Although I can’t promise that each night time at Contento, a brand new restaurant in East Harlem, is a celebration, I can report that, on a latest Saturday, round 10 P.M., when a number of patrons started to belt out “Seven Nation Army,” by the White Stripes, an worker rejoined by taking part in it on the sound system, inspiring an impromptu dining-room-wide rave. The following Tuesday, somebody was marking one other 12 months across the solar; a rousing sing-along to Stevie Wonder’s “Happy Birthday” ensued.
The Peruvian-inspired menu features a ceviche clásico that includes market fish, candy potatoes, corn, leche de tigre, and corn nuts.
There is way to rejoice at Contento, whose title is a Spanish cognate for “content,” as in “happy”: the opening itself, lengthy delayed by COVID and longer dreamed of by its co-founder Yannick Benjamin, an achieved sommelier and restaurant veteran (Le Cirque, Jean-Georges); Benjamin’s thoughtfully curated, internationally sourced wine record, with a variety of costs; a Peruvian-inspired menu from the chef Oscar Lorenzzi (a local of Lima who as soon as ran the kitchen on the Waverly Inn), that includes such dishes as ceviche clásico and “quinotto,” i.e. quinoa ready like risotto—nutty, creamy, and brightly jewelled with fava beans and candy peas.
But Contento’s undercurrent of pleasure appears particularly attributable to the restaurant’s uncommon dedication to inclusivity. In 2003, on the age of twenty-five, Benjamin—raised, in Hell’s Kitchen, in a household of French immigrants who labored at eating places together with La Grenouille and Lutèce—was confined completely to a wheelchair after a automotive accident. Though he didn’t let paraplegia cease him from pursuing the bold profession he’d already begun in meals and wine, he confronted no scarcity of bodily challenges, plus a substantial amount of stigma.
Yannick Benjamin (proper), one in every of Contento’s co-founders, is an achieved sommelier who was completely confined to a wheelchair after a automotive accident in 2003. His companion George Gallego (left), the founding father of a company referred to as Wheels of Progress, was Benjamin’s mentor earlier than they went into enterprise collectively.
Benjamin and his companions designed Contento’s small eating room, fairly subtly, to accommodate each friends and employees members with disabilities. There are broad passageways between tables constructed barely taller than common to match wheelchairs, a handsomely curved bar bifurcated into two heights, and a roomy toilet with an unlimited, easy-sliding door. Adaptive flatware—supposed to be used by, say, somebody with quadriplegia or A.L.S., with adjustable metallic rings that make handles simpler to grip—is out there upon request.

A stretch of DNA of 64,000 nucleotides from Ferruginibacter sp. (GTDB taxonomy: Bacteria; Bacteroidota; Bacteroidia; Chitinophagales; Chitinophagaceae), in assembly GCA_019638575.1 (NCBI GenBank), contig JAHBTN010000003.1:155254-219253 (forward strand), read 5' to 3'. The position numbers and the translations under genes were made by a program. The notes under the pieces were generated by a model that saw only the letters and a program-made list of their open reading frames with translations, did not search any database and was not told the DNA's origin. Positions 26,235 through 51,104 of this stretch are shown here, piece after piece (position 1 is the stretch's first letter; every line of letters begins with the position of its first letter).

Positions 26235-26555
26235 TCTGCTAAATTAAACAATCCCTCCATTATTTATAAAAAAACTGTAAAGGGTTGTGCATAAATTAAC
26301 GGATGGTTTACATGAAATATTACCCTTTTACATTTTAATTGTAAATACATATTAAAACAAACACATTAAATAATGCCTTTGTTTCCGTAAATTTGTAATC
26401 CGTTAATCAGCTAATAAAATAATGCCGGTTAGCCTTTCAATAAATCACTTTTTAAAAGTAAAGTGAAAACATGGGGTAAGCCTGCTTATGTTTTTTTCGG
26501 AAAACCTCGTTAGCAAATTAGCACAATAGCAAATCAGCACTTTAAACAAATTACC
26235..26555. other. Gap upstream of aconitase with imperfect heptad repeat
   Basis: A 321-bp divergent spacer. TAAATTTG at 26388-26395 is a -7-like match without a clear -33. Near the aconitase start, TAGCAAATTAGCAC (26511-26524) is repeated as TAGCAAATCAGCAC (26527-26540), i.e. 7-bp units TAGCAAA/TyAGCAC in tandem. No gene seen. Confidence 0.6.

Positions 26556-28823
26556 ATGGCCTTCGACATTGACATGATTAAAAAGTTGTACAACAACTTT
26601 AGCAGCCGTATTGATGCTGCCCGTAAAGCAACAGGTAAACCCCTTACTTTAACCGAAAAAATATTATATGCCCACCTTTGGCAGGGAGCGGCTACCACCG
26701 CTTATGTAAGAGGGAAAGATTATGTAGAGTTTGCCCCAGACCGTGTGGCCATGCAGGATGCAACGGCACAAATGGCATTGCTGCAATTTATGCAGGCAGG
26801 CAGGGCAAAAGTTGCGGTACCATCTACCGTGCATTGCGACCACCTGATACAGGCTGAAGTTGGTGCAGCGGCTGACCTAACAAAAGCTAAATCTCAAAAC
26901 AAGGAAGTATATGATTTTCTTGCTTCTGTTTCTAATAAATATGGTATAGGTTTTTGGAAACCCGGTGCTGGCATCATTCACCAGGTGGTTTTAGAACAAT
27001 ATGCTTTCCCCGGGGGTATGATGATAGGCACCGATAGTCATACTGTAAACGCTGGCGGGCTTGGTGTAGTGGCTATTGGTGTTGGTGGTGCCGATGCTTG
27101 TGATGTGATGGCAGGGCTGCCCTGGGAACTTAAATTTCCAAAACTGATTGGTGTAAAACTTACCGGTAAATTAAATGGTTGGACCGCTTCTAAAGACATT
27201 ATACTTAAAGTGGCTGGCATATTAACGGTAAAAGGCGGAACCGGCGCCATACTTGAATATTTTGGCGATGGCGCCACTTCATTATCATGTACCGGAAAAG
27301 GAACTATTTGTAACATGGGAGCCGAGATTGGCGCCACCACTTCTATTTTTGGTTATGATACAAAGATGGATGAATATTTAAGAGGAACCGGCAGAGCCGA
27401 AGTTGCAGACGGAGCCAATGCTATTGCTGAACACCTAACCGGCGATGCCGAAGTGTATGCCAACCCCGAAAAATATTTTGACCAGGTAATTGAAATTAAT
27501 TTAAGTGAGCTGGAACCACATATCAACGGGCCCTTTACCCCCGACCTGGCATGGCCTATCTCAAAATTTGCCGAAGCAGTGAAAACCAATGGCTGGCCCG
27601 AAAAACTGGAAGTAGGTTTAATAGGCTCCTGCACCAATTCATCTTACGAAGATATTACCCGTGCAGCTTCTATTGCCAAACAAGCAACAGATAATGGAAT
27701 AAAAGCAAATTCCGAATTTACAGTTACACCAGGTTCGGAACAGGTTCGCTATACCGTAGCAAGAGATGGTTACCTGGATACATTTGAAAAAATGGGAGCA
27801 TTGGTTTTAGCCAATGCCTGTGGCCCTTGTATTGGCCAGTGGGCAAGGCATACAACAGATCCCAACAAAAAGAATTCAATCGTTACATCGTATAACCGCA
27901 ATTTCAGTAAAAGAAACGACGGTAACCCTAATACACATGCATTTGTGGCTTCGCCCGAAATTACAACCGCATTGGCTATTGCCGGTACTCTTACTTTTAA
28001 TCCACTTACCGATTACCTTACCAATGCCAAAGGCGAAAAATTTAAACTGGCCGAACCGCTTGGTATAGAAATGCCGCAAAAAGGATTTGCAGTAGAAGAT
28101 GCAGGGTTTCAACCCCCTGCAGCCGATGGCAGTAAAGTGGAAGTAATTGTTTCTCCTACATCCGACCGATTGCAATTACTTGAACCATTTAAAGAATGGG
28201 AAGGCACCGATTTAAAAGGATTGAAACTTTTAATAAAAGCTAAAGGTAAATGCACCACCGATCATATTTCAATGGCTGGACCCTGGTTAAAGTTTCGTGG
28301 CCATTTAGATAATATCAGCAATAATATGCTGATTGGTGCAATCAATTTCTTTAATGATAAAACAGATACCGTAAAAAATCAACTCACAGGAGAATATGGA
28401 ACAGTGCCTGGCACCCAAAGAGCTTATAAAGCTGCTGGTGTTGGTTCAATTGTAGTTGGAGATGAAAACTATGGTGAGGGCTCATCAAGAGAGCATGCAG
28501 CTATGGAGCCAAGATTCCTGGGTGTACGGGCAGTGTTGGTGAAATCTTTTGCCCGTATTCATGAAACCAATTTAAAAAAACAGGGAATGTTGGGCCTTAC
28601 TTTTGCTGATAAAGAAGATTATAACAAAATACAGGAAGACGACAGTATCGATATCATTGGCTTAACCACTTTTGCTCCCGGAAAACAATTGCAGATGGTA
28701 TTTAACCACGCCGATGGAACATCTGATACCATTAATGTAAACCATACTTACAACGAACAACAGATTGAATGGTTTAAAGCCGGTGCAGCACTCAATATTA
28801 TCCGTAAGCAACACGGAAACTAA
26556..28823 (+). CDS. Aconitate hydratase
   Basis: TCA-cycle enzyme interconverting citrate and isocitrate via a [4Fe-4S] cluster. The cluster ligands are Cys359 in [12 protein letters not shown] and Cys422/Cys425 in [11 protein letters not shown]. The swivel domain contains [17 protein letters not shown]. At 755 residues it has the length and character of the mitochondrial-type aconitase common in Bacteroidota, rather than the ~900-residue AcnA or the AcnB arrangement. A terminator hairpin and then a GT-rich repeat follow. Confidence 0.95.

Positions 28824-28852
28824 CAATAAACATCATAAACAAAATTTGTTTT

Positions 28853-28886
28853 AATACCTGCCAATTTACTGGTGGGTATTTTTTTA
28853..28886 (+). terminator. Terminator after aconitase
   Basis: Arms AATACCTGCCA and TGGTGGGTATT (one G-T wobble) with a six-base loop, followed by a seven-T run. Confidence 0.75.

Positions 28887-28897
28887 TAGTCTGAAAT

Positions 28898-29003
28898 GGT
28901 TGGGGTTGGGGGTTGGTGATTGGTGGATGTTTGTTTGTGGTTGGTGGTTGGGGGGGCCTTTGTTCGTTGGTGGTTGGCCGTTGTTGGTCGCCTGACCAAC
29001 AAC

Benjamin, a seasoned para-athlete, wheels effortlessly across the eating room and the sidewalk patio, a personalized wine tray on his lap, making suggestions and pouring tastes with a laid-back method belied by his private uniform of crisp fits. Of the classes on his record—Wines of the Ancient World, East Coast Terroir (together with a glowing blueberry selection from Maine)—essentially the most intriguing is, maybe, Wines of Impact. These bottles come from winemakers who’re ultimately marginalized: a clean Viognier from Kishor Vineyards, in Galilee, Israel, staffed by folks with mental disabilities; a Pinot Noir from Kitá Wines, a winery on Chumash land in California’s Santa Ynez Valley, run by a Chumash lady named Tara Gomez.
Roasted asparagus on a mattress of whipped spicy ricotta, topped with quinoa crumble and a soft-boiled egg.
Before the automotive accident, “I was a six-foot-two white guy,” Benjamin advised me. “It’s incredibly humbling to go into a situation like where I am now, in a wheelchair, paralyzed for the rest of my life.” In the wine world, he stated, “I stick out. I’m different.” Contento’s location, a forty-minute “push,” as Benjamin calls wheelchair journey, from his dwelling, within the South Bronx, reminds him of the varied Hell’s Kitchen of his youth. Lorenzzi’s meals, too, bridges cultures.
A comforting entrée of shaggy brief ribs over saucy peanut udon noodles, dusted in togarashi, highlights Nikkei delicacies, a results of Japanese immigration to Peru within the first half of the 20th century, as does the wonderful Kurobuta (a Japanese time period for Berkshire pork) katsu, served with spicy daikon slaw and yuzu aioli. Lorenzzi’s devilled eggs, laced with a punchy, acidic hit of ají amarillo, a gentle, citrusy chili important to Peruvian cooking, hyperlink his roots with the American South. Contento stands proud, totally by itself phrases. (Dishes $8-$31.) ♦